Knopf

Dept. of Speculation by Jenny Offill

It’s a slim novel about romance, marriage, family, infidelity, and the prospect of separation -- all of which is to say it doesn’t sound like anything out of the ordinary. But Offill manages to write a book that deftly explores deep, universal emotions, while gracing them with tenderness and quirky observations. She weaves together scientific theories and quiet moments, fusing big ideas with small, personal details. Waffling between the two creates a feeling of peace and centeredness while reading, even if the plot is at times tragic. -- Maddie Crum

Arrow

The World of Blandings by P.G. Wodehouse

It’s hard to write a truly LOL-inducing novel. On the page, so many of the subtle cues that go into sparking laughter are absent or easily misinterpreted, such as a deadpan delivery, withering sarcasm, or broad slapstick. But if you like British drollery, Wodehouse will do it. He has the gift. And it’s more than the laughs that’ll soothe the savage beast of anxiety: His eternally sunny, pre- or post- or between-war upper-class idylls lie so far outside the realm of reality they’re basically fantasy. His lovably dimwitted noblemen and his lovably enterprising secretaries all end up just as happy as they deserve to be, even the most absurd escapades end in tea and biscuits, and best of all, if you’ve already enjoyed the more well-known Jeeves and Wooster chronicles, these three Blandings Castle novels will be (ahem) Something Fresh. -- Claire Fallon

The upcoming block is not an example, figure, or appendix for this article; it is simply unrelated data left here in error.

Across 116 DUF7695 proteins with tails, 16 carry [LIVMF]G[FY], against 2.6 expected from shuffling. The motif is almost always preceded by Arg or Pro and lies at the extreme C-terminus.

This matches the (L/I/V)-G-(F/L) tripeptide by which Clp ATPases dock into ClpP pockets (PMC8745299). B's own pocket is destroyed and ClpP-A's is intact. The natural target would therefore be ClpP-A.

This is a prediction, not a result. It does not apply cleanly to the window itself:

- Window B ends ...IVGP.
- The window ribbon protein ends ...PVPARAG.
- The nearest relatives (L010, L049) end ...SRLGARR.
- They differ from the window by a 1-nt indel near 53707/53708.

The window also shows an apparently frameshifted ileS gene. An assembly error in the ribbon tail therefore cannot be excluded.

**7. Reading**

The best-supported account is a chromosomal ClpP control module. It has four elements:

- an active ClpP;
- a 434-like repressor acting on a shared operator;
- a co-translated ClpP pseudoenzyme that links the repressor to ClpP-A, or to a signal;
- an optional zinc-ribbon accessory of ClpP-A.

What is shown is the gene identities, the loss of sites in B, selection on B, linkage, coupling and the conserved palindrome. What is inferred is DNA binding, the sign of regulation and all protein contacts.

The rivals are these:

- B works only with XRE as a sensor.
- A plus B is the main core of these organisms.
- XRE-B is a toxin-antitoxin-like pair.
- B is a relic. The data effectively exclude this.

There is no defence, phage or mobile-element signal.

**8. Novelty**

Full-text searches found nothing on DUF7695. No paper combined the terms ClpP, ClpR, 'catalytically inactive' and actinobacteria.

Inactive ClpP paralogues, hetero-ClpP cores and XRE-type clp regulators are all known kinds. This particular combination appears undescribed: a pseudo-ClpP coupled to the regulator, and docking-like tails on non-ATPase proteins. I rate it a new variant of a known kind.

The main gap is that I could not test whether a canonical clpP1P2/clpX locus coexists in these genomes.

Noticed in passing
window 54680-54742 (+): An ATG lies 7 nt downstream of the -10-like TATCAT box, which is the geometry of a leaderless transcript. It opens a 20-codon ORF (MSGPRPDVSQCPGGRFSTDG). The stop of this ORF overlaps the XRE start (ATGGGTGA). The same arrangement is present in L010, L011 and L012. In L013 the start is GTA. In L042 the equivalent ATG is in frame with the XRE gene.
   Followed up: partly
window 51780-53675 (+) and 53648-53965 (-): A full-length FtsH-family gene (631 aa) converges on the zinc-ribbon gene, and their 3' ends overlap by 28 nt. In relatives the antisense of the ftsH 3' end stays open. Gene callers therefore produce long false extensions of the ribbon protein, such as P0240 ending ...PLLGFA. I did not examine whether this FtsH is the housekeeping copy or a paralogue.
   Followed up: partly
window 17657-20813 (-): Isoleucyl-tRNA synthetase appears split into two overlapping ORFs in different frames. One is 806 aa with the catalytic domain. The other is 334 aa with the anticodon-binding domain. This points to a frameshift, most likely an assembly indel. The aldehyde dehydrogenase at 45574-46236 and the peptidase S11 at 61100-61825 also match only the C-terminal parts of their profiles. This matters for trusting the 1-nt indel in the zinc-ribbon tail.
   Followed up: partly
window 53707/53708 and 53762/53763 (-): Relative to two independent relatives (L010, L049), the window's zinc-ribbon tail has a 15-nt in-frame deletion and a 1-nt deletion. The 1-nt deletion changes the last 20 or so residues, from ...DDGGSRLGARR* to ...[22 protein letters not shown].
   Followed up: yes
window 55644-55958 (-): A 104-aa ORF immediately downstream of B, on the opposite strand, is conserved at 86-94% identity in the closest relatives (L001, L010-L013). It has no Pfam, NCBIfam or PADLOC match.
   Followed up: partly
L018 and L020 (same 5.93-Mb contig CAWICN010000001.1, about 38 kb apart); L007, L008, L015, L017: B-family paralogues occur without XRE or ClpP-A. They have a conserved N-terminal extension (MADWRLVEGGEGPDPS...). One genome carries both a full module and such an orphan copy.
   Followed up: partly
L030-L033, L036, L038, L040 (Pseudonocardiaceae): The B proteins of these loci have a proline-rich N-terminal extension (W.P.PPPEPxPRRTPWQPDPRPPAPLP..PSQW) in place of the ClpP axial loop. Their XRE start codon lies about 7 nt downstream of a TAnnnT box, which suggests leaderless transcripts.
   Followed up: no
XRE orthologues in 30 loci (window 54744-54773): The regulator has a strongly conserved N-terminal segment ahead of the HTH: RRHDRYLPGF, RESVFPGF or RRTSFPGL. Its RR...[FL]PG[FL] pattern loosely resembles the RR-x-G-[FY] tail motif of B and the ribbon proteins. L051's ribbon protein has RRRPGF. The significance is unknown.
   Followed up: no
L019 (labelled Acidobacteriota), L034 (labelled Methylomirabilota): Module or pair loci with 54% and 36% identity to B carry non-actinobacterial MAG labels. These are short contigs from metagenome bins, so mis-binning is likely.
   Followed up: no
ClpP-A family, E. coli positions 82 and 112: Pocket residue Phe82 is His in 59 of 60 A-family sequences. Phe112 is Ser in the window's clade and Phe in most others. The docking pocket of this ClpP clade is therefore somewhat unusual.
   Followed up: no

Blue Rider Press

Women in Clothes by Heidi Julavits, Leanne Shapton, Sheila Heti

Oftentimes anxiety can be all the more crippling as anxious thoughts are coupled with the self-hating voice whispering how trivial and petty your myriad worries are. Women in Clothes, a stunning compilation about the complex relationship between women and what they wear, shows that what can appear to the outside as superficial can be deeply significant, profound and transformative. Over 600 women contribute their heartfelt words, exploring the relationships between clothing and memory, love, identity and tradition. Reading it feels like talking in a circle with your most badass, brilliant friends, on those endless nights when gossip and chatter leads to life changing revelations. -- Priscilla Frank